Freezer Slaw for Winter Salads

For those of us wishing to live as self-sufficiently as possible, homegrown winter salads are a challenge. However, if you have access to a freezer, preserving garden cabbage as freezer slaw helps quell the desire for a crunchy, crisp salad in the depth of winter. Here’s how we make freezer slaw for winter salads.

Slaw Ready to Package for Freezer

Slaw Ready to Package for Freezer

Slaw From the Freezer – Really?

We’ve always grown lots of cabbages, as many as 12 to 15 heads of storage type cabbage each season, and we’re only a household of 2. It’s a versatile vegetable which can be used in numerous soups including Cabbage Sausage Soup, cooked side dishes such as baked cabbage, entrees such as New England Boiled Dinner or cabbage rolls, not to mention salads such as various versions of cole slaw. It can also be preserved for long term storage by several methods: fermenting it into sauerkraut, blanching it for the freezer and/or by root cellaring it.

We’ve preserved it all 3 ways making as much as 20 pounds of sauerkraut at a time. Blanched cabbage only works in cooked dishes such as soups so forget about trying to use it for salad timber. The root cellars at our 2 previous homesteads were less than ideal and didn’t keep cabbage very long so we were always cabbageless by early January. Here at our third and final place we made the construction of a proper root cellar a priority. As a result we have cabbage until the end of February/early March making it the mainstay of some good winter salads but once that supply is exhausted we still have months to go before the first fresh greens are available. What to do in the meantime? Freezer slaw is the answer.

Making Freezer Slaw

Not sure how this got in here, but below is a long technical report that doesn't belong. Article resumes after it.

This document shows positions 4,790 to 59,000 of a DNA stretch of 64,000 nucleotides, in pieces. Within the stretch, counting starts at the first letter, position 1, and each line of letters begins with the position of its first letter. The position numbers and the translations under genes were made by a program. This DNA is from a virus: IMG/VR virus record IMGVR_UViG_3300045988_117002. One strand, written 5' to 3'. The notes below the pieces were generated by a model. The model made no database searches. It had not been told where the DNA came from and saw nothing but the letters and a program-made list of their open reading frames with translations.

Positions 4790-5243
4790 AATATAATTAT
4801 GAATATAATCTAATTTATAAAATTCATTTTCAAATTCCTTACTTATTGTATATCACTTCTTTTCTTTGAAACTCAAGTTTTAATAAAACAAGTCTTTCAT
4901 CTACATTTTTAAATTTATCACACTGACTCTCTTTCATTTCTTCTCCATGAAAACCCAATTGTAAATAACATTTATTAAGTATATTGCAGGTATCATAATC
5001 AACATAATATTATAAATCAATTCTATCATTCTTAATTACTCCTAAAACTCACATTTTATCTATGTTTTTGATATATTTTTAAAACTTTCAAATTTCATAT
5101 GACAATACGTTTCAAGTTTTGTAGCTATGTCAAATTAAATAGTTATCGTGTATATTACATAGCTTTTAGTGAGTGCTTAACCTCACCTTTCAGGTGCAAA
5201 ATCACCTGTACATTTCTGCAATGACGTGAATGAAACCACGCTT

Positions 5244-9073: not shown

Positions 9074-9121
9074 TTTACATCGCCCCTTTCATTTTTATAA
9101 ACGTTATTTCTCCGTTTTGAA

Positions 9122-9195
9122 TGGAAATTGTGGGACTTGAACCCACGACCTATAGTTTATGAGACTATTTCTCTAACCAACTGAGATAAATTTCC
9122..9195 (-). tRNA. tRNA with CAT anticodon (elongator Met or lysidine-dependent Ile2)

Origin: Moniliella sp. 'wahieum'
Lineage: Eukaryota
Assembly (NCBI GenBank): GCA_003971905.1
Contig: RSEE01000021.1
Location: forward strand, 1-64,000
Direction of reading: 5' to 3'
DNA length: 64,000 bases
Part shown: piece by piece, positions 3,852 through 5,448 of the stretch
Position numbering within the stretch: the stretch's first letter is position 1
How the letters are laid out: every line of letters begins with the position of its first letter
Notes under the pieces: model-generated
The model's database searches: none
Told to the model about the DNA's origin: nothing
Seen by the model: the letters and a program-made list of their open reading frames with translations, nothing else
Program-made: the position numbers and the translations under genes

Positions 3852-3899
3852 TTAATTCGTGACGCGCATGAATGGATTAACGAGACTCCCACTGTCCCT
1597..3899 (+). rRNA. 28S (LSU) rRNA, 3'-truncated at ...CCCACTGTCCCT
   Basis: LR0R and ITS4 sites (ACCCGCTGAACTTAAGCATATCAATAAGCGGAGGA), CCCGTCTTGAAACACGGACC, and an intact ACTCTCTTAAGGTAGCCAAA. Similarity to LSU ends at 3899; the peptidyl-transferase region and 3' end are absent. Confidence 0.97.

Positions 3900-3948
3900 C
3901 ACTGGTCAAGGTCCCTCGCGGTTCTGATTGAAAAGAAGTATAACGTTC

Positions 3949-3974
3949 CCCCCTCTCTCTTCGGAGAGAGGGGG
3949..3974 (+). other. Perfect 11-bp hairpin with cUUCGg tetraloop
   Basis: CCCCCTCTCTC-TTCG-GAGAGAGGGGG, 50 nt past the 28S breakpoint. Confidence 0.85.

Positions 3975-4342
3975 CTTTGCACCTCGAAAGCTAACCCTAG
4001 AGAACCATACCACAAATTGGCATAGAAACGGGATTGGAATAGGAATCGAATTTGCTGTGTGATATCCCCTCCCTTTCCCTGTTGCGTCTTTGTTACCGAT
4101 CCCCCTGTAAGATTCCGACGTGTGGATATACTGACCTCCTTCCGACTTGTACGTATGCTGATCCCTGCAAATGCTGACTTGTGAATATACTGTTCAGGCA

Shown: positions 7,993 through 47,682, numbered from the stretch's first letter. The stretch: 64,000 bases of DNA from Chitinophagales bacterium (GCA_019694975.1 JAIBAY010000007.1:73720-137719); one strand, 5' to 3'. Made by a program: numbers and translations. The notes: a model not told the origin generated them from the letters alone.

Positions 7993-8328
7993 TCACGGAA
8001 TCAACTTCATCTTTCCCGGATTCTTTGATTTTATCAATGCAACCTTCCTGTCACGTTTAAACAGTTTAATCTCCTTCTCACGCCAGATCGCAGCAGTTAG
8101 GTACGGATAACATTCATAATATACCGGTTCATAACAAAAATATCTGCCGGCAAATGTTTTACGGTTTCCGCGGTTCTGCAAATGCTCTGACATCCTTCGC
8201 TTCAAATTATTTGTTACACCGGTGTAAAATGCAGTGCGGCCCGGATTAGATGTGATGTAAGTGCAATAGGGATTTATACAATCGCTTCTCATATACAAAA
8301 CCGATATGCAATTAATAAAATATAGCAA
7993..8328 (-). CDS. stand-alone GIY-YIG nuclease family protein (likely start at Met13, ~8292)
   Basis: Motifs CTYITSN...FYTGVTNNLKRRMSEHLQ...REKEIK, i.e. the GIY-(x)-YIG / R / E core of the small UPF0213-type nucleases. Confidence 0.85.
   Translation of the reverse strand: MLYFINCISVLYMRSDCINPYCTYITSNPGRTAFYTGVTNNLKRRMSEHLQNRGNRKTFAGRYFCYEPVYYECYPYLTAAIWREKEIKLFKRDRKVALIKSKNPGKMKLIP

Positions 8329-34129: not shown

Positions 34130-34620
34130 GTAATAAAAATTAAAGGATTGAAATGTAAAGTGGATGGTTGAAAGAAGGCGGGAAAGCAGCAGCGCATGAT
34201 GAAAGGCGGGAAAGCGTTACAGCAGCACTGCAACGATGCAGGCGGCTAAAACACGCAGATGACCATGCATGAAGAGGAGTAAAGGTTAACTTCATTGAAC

One day, about 15 years ago when we were homesteading in northern Saskatchewan, I was flipping through my Ball Blue Book of Preserving and chanced upon the recipe for freezer slaw. My first reaction was one of doubt. How good can that be? What would the texture of the cabbage be like? After being frozen then thawed, wouldn’t it be mushy instead of crisp?

Ultimately I decided to take the plunge and try it but I cut the recipe in half in case it turned out to be lousy. I waited until a cold mid-winter day when we were hankering for some crunch in our diets before we tried the concoction. With trepidation, I thawed out a container expecting the worst. Imagine our surprise and delight to find the product not only tasty but crisp and crunchy. I had found a way to add more variety as well as texture to our winter meals. Thus freezer slaw became a staple I always put by for the winter.

Ingredients and Equipment to Make Freezer Slaw

Ingredients and Equipment to Make Freezer Slaw

Here’s the recipe as found in my Ball Blue Book of Preserving. It makes about 5 pints.

2 pounds cabbage

1 large green pepper

3 large carrots

¾ cup chopped onion

1 teaspoon canning salt

2 cups sugar

1 teaspoon dry mustard

1 teaspoon celery seed

1 cup cider vinegar

½ cup water